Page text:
The Post-office is established by the Government for the purpose of facilitating intercourse by letter between distant places. But personal intercourse between distant places is as necessary as epistolary, though not, perhaps, to the same degree. Why then should not the Government take upon itself the support and regulation of facilities for carrying passengers as well as letters from place to place? The transmission of packages of merchandise from one part of the country to another is no less necessary, than intercourse by letter or person. Why should not Government go a step further, and institute transportation lines for the conveyance of our goods? But we shall be answered, that these objects may safely be left to the laws of trade, and that supply will keep pace with demand in these matters as in other commercial and social wants of man. Might not the laws of trade, and the power of demand to produce supply through the activity of private enterprise, be safely trusted to, also, for the carriage of letters from place to place?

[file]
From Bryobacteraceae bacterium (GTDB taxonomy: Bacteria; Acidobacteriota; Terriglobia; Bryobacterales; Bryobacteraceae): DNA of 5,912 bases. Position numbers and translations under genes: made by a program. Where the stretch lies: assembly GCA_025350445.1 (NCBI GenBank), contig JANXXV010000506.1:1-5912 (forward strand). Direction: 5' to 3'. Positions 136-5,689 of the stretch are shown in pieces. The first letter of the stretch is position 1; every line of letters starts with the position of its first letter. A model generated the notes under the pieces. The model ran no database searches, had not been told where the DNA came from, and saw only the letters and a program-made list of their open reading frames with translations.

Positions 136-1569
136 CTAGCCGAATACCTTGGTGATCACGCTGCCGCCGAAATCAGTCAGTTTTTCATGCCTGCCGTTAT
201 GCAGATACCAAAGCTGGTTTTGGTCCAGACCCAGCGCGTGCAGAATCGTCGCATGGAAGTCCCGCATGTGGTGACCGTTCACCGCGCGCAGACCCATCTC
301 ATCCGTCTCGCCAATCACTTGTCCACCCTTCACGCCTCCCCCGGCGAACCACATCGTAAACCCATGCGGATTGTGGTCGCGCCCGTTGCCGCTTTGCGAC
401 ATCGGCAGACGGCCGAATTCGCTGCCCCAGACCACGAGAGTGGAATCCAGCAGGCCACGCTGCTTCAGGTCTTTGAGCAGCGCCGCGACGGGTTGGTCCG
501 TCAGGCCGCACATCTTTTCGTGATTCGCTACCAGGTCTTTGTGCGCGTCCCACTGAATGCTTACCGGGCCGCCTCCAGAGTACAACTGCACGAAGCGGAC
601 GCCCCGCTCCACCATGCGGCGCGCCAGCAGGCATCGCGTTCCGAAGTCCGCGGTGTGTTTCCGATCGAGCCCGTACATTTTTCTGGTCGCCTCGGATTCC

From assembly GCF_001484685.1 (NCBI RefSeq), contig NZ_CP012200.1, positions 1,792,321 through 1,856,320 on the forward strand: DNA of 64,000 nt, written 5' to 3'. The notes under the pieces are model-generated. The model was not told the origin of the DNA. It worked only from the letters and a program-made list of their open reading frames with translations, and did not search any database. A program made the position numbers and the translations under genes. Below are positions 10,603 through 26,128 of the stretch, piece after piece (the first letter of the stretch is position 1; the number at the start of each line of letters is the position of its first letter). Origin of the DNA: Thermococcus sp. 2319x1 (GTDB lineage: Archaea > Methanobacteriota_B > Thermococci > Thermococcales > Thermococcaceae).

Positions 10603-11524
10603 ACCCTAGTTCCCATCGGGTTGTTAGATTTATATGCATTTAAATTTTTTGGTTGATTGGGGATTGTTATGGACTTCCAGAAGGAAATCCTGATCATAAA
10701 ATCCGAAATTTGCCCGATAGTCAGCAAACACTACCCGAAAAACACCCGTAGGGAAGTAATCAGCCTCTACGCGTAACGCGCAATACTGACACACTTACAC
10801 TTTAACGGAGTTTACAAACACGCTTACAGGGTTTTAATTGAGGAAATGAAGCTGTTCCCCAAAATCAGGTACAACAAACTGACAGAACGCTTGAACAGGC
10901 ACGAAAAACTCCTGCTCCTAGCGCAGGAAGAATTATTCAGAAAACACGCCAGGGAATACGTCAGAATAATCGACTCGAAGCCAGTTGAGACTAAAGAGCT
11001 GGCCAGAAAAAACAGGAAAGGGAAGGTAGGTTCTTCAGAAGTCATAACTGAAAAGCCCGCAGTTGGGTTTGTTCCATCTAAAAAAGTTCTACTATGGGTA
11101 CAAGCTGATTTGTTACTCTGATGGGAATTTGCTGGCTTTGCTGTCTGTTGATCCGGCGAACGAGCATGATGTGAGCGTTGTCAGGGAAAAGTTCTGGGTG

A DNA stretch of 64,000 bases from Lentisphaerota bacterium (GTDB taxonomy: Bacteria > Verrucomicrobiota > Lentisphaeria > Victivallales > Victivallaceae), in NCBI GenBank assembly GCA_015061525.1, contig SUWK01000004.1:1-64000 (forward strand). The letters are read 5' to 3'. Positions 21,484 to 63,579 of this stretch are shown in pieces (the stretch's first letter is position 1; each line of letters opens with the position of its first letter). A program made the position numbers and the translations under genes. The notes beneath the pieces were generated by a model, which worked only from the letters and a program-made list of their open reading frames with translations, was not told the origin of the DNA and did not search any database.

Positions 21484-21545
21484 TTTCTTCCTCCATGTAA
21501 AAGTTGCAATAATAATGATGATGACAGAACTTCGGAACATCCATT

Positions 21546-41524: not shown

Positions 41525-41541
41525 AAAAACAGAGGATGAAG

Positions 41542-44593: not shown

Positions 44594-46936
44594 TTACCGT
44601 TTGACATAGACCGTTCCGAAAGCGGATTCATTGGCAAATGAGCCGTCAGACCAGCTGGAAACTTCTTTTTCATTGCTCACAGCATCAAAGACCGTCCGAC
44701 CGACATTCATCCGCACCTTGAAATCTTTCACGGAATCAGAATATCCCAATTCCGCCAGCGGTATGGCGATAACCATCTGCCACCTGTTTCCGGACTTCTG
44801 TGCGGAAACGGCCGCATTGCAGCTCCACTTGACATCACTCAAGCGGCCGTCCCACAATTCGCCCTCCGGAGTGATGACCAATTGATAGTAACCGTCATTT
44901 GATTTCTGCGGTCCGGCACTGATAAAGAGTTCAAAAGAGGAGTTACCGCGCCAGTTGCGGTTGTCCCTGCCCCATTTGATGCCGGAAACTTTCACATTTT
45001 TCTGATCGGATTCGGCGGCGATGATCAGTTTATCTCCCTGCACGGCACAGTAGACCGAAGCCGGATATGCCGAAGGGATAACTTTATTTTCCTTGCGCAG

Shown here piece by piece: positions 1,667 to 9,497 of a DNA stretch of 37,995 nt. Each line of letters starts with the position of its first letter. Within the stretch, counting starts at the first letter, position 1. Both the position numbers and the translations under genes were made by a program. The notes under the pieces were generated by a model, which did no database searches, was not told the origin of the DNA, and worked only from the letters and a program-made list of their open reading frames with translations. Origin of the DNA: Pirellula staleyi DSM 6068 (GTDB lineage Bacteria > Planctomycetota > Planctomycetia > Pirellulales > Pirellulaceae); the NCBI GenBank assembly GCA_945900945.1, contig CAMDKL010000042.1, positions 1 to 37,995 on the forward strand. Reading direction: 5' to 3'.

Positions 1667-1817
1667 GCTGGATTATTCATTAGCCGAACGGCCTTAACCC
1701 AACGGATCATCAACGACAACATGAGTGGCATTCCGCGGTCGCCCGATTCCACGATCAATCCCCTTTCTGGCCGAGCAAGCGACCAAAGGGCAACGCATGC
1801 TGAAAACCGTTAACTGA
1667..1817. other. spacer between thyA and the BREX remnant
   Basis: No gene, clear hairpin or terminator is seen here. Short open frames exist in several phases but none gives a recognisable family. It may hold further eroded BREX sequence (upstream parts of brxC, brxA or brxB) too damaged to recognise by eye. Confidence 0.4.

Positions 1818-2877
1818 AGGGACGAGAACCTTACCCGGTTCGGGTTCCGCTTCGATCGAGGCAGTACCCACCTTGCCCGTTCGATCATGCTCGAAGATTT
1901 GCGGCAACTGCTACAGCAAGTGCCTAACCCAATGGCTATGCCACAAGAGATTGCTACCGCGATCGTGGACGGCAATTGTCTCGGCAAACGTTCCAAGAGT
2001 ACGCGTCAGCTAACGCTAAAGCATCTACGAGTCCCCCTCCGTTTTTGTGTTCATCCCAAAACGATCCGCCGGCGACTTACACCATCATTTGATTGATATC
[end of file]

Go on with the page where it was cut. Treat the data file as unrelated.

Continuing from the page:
If the mail establishment, as a branch of the United States Government, should be abolished this hour, how long would it be before private enterprise would institute means to carry our letters and newspapers from city to city, with as much regularity as they are now carried, and far greater speed and economy? But the objection may be raised that inland places and thinly settled portions of the country would suffer by such an arrangement. There is no place on the map of the United States which would not soon be supplied with mail facilities by paying what they were worth, and if it gets them for less now, it is only because the deficiency is levied from the inhabitants of some other place, which is contrary to the plainest principles of justice.